“Facing the Future: Art in Europe 1945-1968”

The Pushkin State Museum of Fine Arts
12 Volkhonka
March 7, 2017–May 21, 2017

Marcel Broodthaers, The Rain (Draft for a Text), 1969, 16 mm, black-and-white, silent, 2 minutes.

Even as the Great Powers divvied up Europe following World War II, some artists dared to envision a single unified continent. “From now on we must consider all of Europe,” declared one collective of Hungarian artists and writers in 1945. “The New Europe could be . . . a synthesis of East and West.” Their manifesto might as well be the mission statement of this exhibition, a survey of nearly two hundred artworks by approximately 150 artists representing Russia and eighteen European countries. Debunking the simplistic East–West dichotomy through which postwar art is regularly understood, the show presents works by artists on both sides of the Berlin Wall that address common issues including consumerism, technology, space travel, uprisings, and atrocities.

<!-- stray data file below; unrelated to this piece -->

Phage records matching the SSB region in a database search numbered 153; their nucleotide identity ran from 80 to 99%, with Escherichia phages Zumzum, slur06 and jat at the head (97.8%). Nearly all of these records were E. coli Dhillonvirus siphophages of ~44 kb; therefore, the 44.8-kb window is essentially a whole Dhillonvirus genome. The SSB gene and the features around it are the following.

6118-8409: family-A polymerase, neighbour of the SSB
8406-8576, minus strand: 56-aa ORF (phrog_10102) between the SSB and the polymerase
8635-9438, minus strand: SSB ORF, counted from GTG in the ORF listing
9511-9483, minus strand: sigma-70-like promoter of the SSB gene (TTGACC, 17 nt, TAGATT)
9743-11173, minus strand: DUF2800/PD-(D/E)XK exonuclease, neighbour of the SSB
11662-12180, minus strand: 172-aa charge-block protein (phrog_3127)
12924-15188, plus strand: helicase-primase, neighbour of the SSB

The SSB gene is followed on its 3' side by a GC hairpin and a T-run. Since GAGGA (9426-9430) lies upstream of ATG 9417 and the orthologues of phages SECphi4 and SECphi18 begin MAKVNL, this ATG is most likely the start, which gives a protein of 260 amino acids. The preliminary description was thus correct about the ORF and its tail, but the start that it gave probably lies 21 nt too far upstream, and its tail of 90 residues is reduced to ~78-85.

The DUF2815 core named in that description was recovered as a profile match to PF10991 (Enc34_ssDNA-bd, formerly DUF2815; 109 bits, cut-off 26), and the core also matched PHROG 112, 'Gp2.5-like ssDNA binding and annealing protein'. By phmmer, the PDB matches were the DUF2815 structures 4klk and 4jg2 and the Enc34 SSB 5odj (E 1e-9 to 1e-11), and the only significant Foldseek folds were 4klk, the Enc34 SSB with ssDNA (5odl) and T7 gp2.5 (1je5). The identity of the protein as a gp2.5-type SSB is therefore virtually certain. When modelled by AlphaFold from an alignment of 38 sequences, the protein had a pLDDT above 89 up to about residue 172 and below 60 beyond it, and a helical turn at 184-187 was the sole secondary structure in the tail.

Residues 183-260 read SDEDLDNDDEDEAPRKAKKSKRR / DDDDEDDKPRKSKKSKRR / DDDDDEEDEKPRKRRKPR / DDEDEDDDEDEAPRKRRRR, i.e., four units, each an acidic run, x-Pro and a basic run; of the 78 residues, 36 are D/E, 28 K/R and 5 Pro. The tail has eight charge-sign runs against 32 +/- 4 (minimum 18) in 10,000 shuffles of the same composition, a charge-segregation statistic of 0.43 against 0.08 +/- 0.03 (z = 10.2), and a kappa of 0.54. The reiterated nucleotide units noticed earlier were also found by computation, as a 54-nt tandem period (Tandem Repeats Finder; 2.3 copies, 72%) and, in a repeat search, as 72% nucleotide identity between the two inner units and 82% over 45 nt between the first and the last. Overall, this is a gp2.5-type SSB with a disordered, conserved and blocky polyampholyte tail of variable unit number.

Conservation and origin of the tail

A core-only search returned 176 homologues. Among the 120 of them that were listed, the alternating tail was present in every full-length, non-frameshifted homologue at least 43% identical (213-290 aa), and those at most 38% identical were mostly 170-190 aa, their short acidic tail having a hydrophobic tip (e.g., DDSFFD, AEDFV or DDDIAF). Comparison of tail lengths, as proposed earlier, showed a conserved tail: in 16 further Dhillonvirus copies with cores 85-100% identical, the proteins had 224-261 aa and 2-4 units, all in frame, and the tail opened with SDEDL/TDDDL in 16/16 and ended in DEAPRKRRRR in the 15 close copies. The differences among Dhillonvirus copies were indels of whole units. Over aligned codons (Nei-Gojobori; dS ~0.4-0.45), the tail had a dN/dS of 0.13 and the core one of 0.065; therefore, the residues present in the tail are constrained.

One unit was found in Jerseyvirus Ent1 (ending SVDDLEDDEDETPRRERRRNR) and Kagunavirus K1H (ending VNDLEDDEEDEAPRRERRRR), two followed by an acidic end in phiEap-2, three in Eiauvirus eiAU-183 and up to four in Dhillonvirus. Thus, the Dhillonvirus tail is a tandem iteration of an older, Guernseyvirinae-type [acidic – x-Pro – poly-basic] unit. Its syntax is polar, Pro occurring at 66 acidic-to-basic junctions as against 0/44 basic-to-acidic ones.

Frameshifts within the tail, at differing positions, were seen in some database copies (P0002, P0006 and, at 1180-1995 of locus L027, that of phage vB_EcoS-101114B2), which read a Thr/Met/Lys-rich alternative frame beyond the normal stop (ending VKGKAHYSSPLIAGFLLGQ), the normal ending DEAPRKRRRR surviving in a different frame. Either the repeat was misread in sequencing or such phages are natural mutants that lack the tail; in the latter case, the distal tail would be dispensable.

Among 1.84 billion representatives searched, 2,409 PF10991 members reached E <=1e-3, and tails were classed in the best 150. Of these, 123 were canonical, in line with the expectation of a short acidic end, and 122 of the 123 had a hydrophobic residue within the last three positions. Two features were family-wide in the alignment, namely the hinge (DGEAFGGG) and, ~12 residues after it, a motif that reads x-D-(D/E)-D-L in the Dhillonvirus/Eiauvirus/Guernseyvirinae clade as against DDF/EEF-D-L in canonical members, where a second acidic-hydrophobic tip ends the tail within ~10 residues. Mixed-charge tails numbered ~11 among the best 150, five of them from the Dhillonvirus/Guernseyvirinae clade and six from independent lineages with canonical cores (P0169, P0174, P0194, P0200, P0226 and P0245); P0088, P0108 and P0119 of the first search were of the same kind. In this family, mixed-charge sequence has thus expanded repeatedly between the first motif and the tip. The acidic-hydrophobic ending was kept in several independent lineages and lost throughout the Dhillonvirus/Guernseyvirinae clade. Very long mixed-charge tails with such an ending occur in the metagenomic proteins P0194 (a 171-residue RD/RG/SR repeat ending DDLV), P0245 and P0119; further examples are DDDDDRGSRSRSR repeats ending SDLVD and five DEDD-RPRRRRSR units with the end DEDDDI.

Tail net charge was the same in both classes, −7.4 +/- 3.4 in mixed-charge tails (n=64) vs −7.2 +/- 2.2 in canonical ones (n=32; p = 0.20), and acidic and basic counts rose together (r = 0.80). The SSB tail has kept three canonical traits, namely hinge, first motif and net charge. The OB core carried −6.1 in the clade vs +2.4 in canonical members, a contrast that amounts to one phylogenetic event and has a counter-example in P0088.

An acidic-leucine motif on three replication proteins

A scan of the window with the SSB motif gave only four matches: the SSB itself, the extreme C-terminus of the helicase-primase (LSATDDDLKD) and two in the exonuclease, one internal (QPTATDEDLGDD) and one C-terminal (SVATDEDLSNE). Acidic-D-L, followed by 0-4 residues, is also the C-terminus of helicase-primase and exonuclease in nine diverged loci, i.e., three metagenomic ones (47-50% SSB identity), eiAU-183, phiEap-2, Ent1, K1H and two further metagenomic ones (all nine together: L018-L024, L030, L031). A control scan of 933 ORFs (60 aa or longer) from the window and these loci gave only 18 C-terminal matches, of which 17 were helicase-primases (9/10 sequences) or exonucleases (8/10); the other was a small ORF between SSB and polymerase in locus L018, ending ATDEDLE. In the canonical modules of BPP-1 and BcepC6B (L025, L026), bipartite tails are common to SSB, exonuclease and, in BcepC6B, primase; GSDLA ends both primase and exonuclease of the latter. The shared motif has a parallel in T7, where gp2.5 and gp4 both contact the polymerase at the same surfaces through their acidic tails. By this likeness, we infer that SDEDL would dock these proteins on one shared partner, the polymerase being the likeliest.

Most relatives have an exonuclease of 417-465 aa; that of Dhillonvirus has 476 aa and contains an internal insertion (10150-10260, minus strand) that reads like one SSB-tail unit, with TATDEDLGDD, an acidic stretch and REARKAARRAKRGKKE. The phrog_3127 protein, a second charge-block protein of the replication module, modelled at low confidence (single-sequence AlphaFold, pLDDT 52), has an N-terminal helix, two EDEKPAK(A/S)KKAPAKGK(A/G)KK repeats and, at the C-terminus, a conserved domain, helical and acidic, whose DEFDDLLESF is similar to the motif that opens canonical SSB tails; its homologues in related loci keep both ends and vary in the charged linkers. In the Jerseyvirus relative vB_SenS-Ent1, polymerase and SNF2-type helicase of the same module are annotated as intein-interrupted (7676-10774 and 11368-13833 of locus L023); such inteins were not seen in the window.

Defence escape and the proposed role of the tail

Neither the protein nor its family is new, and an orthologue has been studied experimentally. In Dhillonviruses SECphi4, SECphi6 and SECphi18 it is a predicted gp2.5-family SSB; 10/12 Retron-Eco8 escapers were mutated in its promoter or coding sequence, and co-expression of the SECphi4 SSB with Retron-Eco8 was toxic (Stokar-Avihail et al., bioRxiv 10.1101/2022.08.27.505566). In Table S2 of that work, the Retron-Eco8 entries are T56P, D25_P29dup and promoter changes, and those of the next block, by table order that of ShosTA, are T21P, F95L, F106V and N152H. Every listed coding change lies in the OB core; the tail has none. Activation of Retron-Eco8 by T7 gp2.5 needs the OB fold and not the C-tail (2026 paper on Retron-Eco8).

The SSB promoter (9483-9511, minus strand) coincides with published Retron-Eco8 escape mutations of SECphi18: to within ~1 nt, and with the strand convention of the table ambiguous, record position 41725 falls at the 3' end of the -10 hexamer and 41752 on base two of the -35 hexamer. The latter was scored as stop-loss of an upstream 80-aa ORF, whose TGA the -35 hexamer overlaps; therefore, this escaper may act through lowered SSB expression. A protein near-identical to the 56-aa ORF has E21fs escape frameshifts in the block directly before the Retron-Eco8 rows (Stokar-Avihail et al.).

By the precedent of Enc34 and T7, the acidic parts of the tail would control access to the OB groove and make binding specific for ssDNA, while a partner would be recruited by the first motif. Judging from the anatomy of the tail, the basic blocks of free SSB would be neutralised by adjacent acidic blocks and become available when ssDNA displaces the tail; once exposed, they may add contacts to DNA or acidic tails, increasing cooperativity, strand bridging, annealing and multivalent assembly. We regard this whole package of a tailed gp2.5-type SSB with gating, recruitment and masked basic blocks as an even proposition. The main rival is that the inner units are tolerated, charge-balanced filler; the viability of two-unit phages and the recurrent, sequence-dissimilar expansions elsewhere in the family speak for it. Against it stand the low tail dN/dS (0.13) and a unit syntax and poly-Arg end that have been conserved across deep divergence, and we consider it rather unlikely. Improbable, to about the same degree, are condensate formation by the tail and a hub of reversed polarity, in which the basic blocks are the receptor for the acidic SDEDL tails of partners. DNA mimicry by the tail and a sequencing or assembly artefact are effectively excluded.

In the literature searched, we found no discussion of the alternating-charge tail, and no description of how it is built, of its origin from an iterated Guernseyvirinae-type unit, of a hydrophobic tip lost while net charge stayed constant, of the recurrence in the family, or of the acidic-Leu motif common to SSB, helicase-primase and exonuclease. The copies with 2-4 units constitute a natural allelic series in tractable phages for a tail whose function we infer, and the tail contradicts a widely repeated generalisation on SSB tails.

Didactic realism, for instance, was hardly limited to Eastern Europe. Pablo Picasso’s Massacre in Korea, 1951, depicts faceless robot soldiers gunning down women and children with the same heavy-handedness found in the Hungarian painter László Lakner’s portrayal of two doomed rebels, Execution of Revolutionaries, 1965. The most compelling works convey both loss and the potential for radical reinvention. In the short silent film The Rain (Draft for a Text), 1969, Marcel Broodthaers attempts to write in the middle of a torrential downpour. He doggedly loads his fountain pen with ink, only to have his words instantly washed off the sodden page. Five delicate paintings from Russian artist Francisco Infante-Arana’s 1965 “Starry Sky Reconstruction” series depict stars arranged in new geometric constellations that suggest humanity’s ability to create fresh meaning. The twin currents of devastation and reinvention come together in Belgian artist Paul van Hoeydonck’s Spacescape, 1961, a wall-mounted sculpture where shards of marble and small nails are strewn across a white ground, evoking the wreckage of Western civilization. The title, however, shifts our focus from the past to the future, from our own planet to a new frontier.

— Zoë Lescaze